Eubanks would quote psychologist Wayne Wilson that "many children of suicidal depressed parents, become great negotiators and businessmen."

That was certainly true of Clifford Roberts.

Boy Wonder and Ladies Man

After his army tour, Roberts sold oil leases in East Texas, making $50,000 in oil speculation by the time he was 27. In 1921 he bought a partnership in Reynolds and Company and earned the epithet, "The Boy Wonder of Wall Street."

Roberts was also a ladies man, marrying three times, and famous for leaving his wives for months on end as he attended to his affairs (romantic and otherwise) in Augusta. He spent four months a year in Georgia while his current wife was back at their apartment in Manhattan.

Not much is known about his affairs, except for the woman he met in France while serving in the army. Her name was Suzanne Verdet. He saw her often in Paris when he was living, working and making his mark on Wall Street. In 1928, visiting her, she managed to have him stay one extra day with her. The plane he would have taken back to London crashed into the English Channel, killing all on board.

Roberts never married Suzanne Verdet. He never moved her to America. And he never forgot her.

Years later when Verdet needed round-the-clock care, Roberts took care of all of her expenses; and he continued to take care of her after his own death. She was also remembered in his will.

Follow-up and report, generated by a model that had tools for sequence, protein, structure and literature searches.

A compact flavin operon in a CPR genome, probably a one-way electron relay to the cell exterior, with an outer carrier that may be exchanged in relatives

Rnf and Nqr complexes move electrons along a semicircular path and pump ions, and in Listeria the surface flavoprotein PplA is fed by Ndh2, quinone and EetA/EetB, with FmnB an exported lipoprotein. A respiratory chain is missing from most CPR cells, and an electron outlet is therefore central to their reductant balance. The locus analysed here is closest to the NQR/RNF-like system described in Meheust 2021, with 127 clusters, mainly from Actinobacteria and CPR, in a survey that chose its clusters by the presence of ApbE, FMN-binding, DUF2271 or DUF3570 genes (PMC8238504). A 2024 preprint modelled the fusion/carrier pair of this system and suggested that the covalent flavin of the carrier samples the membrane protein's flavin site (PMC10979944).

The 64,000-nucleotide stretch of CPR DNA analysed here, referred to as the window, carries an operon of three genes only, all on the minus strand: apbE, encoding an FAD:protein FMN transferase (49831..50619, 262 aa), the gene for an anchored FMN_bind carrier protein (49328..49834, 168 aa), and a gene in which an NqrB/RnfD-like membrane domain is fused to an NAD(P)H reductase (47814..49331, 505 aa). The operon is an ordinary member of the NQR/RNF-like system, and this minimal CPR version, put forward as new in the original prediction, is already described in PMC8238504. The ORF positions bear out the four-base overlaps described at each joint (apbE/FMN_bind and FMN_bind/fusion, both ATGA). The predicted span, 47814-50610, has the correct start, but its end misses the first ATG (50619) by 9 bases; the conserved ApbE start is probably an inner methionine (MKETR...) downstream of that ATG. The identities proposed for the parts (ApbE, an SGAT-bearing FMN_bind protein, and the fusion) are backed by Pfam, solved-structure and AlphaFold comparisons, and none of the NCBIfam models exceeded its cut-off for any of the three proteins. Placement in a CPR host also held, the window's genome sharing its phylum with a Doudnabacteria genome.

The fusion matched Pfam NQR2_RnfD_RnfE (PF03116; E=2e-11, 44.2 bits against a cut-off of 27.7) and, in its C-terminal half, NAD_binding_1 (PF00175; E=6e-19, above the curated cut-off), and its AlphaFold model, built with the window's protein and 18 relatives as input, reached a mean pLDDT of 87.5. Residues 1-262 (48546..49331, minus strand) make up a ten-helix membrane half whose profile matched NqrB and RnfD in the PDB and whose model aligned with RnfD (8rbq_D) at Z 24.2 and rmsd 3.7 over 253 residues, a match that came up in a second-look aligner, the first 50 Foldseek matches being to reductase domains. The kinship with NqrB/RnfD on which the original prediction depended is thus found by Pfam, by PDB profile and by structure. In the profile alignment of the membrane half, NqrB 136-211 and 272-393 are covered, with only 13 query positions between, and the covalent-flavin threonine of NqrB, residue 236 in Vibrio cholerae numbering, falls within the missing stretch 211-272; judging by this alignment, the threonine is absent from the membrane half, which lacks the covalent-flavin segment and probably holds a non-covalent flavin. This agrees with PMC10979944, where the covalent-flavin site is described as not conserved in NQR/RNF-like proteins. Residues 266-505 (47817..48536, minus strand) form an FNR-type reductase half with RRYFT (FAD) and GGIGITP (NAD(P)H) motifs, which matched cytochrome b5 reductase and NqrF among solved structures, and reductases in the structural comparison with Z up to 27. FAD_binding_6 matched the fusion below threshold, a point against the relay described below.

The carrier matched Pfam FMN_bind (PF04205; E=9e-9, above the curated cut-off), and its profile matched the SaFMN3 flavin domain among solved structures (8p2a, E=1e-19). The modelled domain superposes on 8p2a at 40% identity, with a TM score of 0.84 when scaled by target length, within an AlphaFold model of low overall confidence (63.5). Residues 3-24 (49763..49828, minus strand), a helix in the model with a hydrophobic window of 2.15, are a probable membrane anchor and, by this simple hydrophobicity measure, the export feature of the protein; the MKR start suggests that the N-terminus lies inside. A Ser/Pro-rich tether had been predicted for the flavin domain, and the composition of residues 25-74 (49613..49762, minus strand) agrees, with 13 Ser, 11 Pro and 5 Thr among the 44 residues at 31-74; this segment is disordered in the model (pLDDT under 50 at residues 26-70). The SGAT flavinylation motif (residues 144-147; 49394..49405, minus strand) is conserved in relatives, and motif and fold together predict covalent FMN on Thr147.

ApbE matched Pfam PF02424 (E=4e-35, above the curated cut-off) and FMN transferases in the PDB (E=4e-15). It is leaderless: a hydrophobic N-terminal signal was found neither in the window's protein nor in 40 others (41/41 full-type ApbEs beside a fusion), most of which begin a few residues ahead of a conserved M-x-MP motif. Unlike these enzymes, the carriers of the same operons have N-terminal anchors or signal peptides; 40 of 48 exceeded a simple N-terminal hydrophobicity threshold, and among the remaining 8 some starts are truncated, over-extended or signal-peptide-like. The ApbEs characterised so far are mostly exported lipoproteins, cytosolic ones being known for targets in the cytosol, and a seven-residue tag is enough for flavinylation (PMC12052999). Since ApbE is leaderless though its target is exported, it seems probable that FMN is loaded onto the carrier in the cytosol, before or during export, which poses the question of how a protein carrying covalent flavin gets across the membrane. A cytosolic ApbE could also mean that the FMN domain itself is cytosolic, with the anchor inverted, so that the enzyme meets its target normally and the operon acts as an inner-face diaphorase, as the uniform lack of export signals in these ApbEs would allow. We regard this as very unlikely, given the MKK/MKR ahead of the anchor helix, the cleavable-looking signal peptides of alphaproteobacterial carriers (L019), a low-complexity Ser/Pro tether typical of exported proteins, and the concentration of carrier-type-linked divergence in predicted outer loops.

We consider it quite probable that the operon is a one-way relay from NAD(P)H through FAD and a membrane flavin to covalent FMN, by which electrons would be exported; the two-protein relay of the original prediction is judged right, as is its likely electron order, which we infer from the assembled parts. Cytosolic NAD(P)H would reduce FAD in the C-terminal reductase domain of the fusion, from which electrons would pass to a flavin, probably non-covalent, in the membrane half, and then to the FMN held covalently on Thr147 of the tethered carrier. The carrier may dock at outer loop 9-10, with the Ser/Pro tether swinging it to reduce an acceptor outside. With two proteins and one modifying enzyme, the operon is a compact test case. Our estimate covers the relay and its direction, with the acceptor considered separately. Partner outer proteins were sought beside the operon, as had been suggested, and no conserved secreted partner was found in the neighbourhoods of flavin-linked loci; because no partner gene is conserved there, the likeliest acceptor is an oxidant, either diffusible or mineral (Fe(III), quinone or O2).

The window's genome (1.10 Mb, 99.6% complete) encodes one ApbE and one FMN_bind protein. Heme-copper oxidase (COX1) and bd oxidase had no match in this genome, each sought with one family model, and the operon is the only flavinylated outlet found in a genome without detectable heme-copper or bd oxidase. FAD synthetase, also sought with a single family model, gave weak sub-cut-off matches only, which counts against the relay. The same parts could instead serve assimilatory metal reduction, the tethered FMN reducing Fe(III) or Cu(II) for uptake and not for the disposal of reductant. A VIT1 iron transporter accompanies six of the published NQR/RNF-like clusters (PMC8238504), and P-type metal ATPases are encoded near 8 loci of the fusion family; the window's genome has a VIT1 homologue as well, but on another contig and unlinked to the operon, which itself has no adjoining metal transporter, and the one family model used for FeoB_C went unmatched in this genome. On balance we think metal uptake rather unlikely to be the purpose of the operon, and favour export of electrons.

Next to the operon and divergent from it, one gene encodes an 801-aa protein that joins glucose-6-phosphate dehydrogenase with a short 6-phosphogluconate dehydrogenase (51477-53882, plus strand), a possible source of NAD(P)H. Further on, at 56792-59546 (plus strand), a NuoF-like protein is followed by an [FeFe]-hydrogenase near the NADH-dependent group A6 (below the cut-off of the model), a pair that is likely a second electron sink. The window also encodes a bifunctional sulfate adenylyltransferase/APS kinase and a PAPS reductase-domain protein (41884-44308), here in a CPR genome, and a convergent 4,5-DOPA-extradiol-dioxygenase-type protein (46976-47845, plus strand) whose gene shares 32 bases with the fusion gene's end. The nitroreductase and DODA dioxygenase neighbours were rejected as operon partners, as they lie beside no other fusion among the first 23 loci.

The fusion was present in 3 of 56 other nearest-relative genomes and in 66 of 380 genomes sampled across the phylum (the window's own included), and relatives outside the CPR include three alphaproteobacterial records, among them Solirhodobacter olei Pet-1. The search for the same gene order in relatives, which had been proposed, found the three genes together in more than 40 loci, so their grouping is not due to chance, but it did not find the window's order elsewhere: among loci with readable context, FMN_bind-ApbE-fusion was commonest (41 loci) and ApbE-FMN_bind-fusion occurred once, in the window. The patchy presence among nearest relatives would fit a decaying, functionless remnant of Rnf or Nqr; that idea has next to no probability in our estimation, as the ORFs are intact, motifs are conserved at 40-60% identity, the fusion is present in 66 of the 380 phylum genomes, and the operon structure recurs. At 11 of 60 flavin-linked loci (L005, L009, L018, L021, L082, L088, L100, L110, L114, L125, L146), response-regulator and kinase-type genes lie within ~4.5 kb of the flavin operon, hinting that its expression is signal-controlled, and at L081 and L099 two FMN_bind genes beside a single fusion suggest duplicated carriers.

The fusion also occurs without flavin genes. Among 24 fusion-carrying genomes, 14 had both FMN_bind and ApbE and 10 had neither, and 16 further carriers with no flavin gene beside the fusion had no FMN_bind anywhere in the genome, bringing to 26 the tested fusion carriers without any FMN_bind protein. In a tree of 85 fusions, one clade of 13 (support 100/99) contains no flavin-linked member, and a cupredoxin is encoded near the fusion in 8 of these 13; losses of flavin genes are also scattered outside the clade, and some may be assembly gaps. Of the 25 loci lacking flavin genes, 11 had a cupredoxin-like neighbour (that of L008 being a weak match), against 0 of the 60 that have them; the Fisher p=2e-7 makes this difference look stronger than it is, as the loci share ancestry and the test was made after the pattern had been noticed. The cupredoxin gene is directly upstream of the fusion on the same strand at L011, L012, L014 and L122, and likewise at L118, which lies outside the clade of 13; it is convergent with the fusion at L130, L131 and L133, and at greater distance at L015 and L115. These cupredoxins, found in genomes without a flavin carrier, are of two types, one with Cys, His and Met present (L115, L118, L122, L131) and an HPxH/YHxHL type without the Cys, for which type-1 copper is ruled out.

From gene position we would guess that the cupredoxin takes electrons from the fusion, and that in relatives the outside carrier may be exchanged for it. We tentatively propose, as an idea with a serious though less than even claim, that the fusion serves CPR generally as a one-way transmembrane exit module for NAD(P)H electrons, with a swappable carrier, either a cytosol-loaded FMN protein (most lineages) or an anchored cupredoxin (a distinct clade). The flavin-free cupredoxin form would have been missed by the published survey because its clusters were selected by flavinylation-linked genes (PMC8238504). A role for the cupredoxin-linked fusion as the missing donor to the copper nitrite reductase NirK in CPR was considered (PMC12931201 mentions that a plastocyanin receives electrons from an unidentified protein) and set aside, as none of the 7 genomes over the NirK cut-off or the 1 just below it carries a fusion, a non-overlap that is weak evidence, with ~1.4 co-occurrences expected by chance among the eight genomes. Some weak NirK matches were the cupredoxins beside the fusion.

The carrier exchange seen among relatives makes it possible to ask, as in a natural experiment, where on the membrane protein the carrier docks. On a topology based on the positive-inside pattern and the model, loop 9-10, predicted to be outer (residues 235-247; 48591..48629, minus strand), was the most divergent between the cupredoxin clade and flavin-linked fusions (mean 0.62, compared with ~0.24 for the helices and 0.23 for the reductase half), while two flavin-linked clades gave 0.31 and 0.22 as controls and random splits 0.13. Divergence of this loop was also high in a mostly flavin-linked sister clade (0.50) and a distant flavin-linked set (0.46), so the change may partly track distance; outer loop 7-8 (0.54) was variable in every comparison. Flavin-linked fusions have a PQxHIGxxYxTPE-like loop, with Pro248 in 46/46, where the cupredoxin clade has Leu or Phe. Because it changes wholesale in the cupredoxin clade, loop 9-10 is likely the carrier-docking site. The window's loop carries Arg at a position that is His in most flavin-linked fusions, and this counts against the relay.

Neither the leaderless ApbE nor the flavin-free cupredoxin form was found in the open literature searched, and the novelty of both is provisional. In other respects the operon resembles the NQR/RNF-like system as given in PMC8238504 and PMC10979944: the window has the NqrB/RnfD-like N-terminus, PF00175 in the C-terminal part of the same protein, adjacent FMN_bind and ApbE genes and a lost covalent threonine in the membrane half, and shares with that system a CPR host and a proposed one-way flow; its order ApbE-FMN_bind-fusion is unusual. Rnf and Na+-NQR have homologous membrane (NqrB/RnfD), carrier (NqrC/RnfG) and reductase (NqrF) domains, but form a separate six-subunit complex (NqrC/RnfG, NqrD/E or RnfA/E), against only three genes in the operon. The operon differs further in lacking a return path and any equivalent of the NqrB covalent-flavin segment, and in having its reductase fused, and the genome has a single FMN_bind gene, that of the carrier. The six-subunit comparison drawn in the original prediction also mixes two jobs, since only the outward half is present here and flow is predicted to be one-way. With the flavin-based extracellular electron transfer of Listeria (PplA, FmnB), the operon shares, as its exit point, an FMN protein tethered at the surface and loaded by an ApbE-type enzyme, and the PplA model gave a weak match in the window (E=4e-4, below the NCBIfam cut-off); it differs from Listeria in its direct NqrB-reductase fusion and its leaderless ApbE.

One True Love

In my novel The Caddie Who Won the Masters, there's a scene where Roberts, as a fictional ghost living on Augusta, has an encounter with the protagonist of the book, a middle-aged golfer who comes to the Masters in hopes of being the first amateur to win the tournament, one of Bobby Jones's great wishes.

Frank Stranahan (USGA)
The main character of my novel reminds Roberts of what he did to Frank Stranahan, the young, good-looking and wealthy amateur at the 1948 Masters. Roberts had established a rule in 1948 that no player could play more than one ball during a practice round. Stranahan, playing alone, thought the rule didn't apply to him since he was a single. Roberts, however, called Stranahan out, pulled him off the course, and rescinded his invitation to play in the Masters. The rumor, however, was that Stranahan had taken a sudden romantic interest in one of the women working at Augusta National, an employee Roberts also had his eye on, and Roberts wanted to get rid of any competition for her affections.

But looking back at his life, it wasn't women who captured Roberts's attention and love. It was Augusta National. He devoted his whole life to making the golf course and the Masters Tournament a success. As Byron Nelson said, ''This place was his bride.''

John Coyne is a bestselling author of three golf novels and more than 20 other books. Pay him a visit at John Coyne Books.

Monday, March 30

No Place Like Home for Jimmy Walker

JIMMY WALKER WON THE VALERO TEXAS OPEN on Sunday at tough TPC San Antonio. Walker, who makes his home in San Antonio, held off fellow Texan Jordan Spieth, whose runner-up finish vaulted him to No. 4 in the world rankings. Walker finished with a 70 and an 11-under total.

"You can feel the support. You can feel the love from friends and family and fans," Walker told Golf Channel's Steve Sands. "It's cool. It just doesn't happen very often winning in your hometown."

Spieth, who finished four shots back, tried to be the reason it didn't happen for Walker on Sunday.

"The golf course wasn't giving up much; sometimes it's hard to make pars," Walker said.